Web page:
Varanasi – From a food lover’s point of view

Jalebi
Varanasi has been one of the most gratifying destinations that I have landed up in recent times. I don’t think I can say anything that has not been said before. However despite whatever that has been written and said before I am sure travelers would find something of their own in this ancient city. For me this place has more character per square feet than any place else I have visited before. For the sake of sanity, I will try to keep this blog about food as much as I can, and  I am sure I can do a good job of it, not because I have confidence in my skills, however I have confidence on the food of the city that it would not allow me to wander much away from itself.
To understand food one needs to understand a bit of city itself, which attracts travelers and tourists from all over the country and world. Technically I would have considered it a North Indian city, however one visit and I can say that there is nothing North Indian about this place. The alleys are full of pilgrims from all over India and South Indian influence is very apparent. So is Bengali, Gujarati and Oriental as well and these are the ones that I could pick in 48 hours I spent there, more exploration would reveal lot more colors for sure.
Talking about local food, Benarsis just love their Milk and its products and description of the city’s food has to start with Milk. There was a time when I was looking for water bottle and all I could find was Lassi all around and more milk products. Coming to Lassi, I tried it at three different places and three different variants, and I was blown off by all three of them. From quality to taste everything was in order. You can see the love of milk in numerous places selling sweet curd, chaina sweets, thandai even they make the Bhalla out of Chhaina-paneer.
Lassi at Blue Lassi, a shop which looks local however is thronged by foreign tourists, so much so that I was the only non-white person in there amongst 20 others. That said, tried the Banana Lassi which in Benarsi tradition was super thick and something you eat instead of drink.
Lassi I had at a random shop, pure magic for Rs.20.
They also sell Malai in those sweet shots, yup.. pure unsweetened malai which they top with a very thin layer of rabri to add some contrast in the flavors.
Lassi I had from a shop that my Auto driver took me to in Mughal Sarai near Benares. Rs.35 odd for this awesomeness loaded with Rabri. Again something you eat with the spoon, still very refreshing.
Ras-malai
Sweetened Curd in kullahd sold for Rs.10. Simple, basic, tasty. Seems like the famous Bengali Mishti Doi is a richer cousin of this curd.
Thandai. They seem to do lot of flavors and variants for this super cooler.
Selling Thandai near Kashi Vishwanath Temple

It came as a surprise that the streets are full of small joint serving Dosas at very fast pace and cheap prices. There are hole in wall joints that would start serving Idli, vada, upma etc very early in the morning cratering to pilgrims and locals both with same fervor. The busy bazaar outside the main entrance of Kashi Vishwanath Mandir or Golden Temple converts into a breakfast hotspot at around 7-8 am in morning with carts all over the place selling delicious South Indian fare. I tried one of the busy ones one of the mornings and had amazing Dosa & Uthapam made in butter which just made them better.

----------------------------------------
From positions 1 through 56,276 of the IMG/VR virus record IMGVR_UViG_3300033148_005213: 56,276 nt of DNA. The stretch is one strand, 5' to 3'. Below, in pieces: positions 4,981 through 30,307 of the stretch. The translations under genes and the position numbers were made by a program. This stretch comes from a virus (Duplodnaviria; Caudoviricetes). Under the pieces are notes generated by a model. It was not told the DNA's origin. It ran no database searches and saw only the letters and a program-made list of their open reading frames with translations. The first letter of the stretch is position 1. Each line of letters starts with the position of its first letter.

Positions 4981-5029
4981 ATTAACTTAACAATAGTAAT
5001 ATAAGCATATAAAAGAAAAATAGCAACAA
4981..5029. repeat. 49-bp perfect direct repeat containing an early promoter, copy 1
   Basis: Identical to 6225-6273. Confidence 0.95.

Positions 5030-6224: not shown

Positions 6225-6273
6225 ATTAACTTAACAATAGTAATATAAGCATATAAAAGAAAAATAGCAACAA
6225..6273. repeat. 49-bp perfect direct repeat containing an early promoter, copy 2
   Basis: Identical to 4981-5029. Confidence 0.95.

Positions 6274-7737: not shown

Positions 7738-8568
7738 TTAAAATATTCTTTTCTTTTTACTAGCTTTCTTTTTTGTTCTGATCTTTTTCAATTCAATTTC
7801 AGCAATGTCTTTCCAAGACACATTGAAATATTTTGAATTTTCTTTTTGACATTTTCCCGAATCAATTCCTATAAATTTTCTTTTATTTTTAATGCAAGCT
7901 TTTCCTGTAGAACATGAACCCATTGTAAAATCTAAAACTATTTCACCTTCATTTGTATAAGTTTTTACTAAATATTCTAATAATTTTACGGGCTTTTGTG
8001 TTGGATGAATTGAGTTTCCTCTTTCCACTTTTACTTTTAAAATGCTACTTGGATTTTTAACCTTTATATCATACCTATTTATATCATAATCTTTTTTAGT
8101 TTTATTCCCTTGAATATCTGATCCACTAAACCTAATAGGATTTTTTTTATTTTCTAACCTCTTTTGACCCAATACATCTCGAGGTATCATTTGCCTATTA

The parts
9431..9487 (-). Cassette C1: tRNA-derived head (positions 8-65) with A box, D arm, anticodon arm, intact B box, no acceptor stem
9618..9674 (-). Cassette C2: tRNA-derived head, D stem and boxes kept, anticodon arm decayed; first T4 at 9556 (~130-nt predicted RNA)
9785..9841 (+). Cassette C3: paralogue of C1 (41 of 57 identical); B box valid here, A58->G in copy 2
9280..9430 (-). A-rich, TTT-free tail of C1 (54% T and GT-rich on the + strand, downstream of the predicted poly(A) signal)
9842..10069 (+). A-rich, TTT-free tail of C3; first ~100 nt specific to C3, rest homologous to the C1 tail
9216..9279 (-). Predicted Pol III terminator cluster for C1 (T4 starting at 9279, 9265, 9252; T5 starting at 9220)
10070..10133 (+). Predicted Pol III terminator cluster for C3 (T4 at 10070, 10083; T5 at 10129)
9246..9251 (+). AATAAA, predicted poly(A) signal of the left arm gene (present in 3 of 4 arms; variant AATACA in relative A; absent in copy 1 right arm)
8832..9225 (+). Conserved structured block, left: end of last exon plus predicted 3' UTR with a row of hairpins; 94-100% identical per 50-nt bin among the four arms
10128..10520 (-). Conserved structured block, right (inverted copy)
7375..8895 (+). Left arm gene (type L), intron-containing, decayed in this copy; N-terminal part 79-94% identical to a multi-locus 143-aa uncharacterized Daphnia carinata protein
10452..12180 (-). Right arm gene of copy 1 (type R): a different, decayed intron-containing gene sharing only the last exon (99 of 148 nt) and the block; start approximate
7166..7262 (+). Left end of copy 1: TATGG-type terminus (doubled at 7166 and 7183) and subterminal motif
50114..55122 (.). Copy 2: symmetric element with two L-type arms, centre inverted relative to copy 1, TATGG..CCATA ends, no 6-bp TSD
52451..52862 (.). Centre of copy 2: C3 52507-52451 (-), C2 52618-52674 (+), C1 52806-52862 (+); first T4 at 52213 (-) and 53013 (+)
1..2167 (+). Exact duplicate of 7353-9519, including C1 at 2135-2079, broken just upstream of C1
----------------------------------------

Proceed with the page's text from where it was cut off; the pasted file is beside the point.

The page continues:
Uthapam ready to be served
A Masala Dosa in the making.
A plain dosa being made, they still add some basic vegetables to it and leave them to sizzle in butter a bit, which in turn makes the vegetables taste better 😉
Uthapam being made.
Uthapam sizzling with Butter.
Idli with Coconut Chutney
The cart selling South Indian breakfast. You will find a bunch of them near Golden Temple in morning hours.

The city is also known for its chats, something that you will find in abundance out there and the taste and ingredients are much different from what we get in Delhi. I will not say if they are better or not, however very different for sure and to sample some of  the goodies I landed up at Kaashi Chaat Bhandaar which is like a destination in the city. The rates were reasonable, the quality good and taste awesome. What more can a food lover ask for? Google it up to find the exact location, or if in Benares, just ask around.

The way Gol Gappe are served. Atta Gol Gappa with matra mixed with other stuffed inside, with paani the side. And the Paani has to be the most delicious one I have tasted ever, with kaccha aam in it and other delicate spices in abundance.
Palak Patta Chaat – Something very unusual. Palak leaves batter fried in besan, made crips and then served like a chaat. Here lemme tell you that Chutneys and condiments are not as ‘rich’ as their Delhi counterparts, however the flavors go well together like magic.
Tamatar or Tomato Chaat
Tamatar ki chaat, after stirring it a bit.

 

Aloo Tikki – Tried one, loved it.
Gulab Jamun – Stuffed with mawa, not the best one out there, but can be tried.

Kachoris seem to be their staple breakfast food, atleast for local populace, and they come in all shapes, sizes and qualities. Its attachment to the city can be gauged from the fact that they have a street named after the dish, called the Kachori Gali. However I ventured in that lane early in the morning, around 7-8 am, and I found only one guy selling kachoris, it seems the Kachoris have gone from the Gali of Kachoris now. That said I tasted them at 3-4 places in the city, one thing that was common was that all of them serve it with kale chane ki subzi which again was something new for me. I have had kachoris with kadhi, aloo subzi, kabuli chane, chutney etc, however it was my first taste of it with Kale Chane and I guess I have had enough of it already. Another major difference for me that all of them were stuffed with potatoes in one form or the other, something I have experienced for the first time.